Several weeks ago, I posted an item on the effort to turn three sites associated with the Manhattan Project into a National Park. The post was titled “This Is Where Great-Grandpa Helped to Build the Bomb,” and someone apparently employed by the National Park Service responded by characterizing the post as “uninformed” because, in his or her view, I did not appreciate the Park Service’s commitment to preserving sites of historical importance. I replied to the comment by saying that although I did very much appreciate such efforts, I did not see how it was appropriate to turn these sites into a National Park–rather than, for instance, simply designating them as national historic sites.
In addition, as Hank Reichman noted in another comment on the post, at least one of the three sites is a Superfund site—something that I made a dark, though less explicit joke about in the post when I tried to imagine what sort of tourist-interest gimmicks the Park Service might have in mind for this new park: “Will they be helped into 1940s-style radiation-proof suits, given Geiger counters, and walked through some part of the site where Geiger counters are sure to start clicking? And what’s next? A series of National Parks centered on the facilities at which we have developed biological and chemical weapons? Will this new system of parks celebrating our capacity to imagine and engineer endless mechanisms of our own annihilation somehow become another vacation option for folks who have already visited the major National Parks that preserve natural wonders?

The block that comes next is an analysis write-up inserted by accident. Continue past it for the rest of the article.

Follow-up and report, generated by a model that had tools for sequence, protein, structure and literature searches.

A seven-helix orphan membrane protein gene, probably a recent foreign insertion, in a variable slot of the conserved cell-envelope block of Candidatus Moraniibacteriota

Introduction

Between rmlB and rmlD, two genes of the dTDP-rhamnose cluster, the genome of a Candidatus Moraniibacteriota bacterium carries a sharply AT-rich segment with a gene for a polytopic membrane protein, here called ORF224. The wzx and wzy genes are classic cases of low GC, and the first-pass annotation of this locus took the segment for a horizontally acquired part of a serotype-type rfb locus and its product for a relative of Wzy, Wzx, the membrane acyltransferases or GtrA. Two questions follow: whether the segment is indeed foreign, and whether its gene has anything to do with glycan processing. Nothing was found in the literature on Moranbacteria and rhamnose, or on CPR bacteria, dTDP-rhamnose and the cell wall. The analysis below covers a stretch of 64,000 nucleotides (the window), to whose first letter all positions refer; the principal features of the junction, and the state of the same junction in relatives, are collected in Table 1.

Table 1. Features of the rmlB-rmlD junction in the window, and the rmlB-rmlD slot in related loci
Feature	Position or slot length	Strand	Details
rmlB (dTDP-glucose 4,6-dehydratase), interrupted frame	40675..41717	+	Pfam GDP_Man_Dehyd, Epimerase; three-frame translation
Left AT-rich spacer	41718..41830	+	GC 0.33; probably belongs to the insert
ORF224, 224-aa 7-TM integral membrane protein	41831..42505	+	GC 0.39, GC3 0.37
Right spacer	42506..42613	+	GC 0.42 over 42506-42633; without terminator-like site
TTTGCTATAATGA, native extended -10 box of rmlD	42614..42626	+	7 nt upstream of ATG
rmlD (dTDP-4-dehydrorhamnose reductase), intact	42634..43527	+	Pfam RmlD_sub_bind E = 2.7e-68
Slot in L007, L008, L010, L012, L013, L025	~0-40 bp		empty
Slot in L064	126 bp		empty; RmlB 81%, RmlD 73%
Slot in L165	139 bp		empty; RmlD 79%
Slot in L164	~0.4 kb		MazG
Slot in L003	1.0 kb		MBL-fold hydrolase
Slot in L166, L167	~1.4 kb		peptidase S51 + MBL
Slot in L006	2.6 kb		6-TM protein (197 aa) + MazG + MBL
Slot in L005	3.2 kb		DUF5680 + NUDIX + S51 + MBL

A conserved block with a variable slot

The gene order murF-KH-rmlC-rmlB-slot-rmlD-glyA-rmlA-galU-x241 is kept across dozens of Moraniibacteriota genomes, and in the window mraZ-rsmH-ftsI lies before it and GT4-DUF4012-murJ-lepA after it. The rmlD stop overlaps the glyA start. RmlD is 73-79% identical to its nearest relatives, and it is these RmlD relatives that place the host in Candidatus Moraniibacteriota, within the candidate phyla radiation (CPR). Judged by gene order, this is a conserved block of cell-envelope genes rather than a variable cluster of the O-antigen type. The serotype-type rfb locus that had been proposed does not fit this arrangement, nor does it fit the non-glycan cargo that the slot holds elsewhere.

Well, perhaps from reading the National Park’s e-mails on these sites, the Chinese have now designated one of their atomic-bomb development centers as a national memorial and, doing us one better, have made it part of one of their major universities–and, in doing so, have transformed a fake college into a part of an actual university without any apparent sense of the ironies involved:
Yingqi, Cheng. “Former Mystery Site Celebrates Nuclear Past.” China Daily 14 Sep. 2015.
An architectural complex that occupies 6,000 square meters on a mountainside in Beijing’s Huairou district has long been a mystery for nearby residents.
Called the Beijing College of Mining & Technology, the facility wasn’t for students. In fact, it was scientists who started moving in before the buildings were completed. Laboratory equipment delivered to the site was strictly guarded by soldiers.
Now, 61 years after China exploded its first atomic bomb, the Chinese Academy of Sciences has declassified the site–a secret rocket development center and laboratory where China’s pioneering scientists once developed satellites and nuclear bombs.
“The bombs and satellites were significant milestones in our country’s development and are the pride of the whole nation,” said Cao Xiaoye, deputy secretary-general of the Chinese Academy of Sciences, at the opening ceremony of a new memorial hall on the old experimental site.
Since 1958, more than 17,000 researchers from the academy participated in the development of satellites and nuclear bombs. Many of their names were never disclosed, even after the success of China’s first atomic bomb in 1964.
“To commemorate those scientists who contributed to the country’s great success, the Chinese Academy of Sciences decided in 2013 to turn the old rocket facility into a memorial hall,” Cao said.
Exhibitions inside the hall include experimental devices, photos and handwritten documents.
The site is now contained within the Huairou campus of the University of Chinese Academy of Sciences. The opening ceremony was one of the activities for the university’s new school year.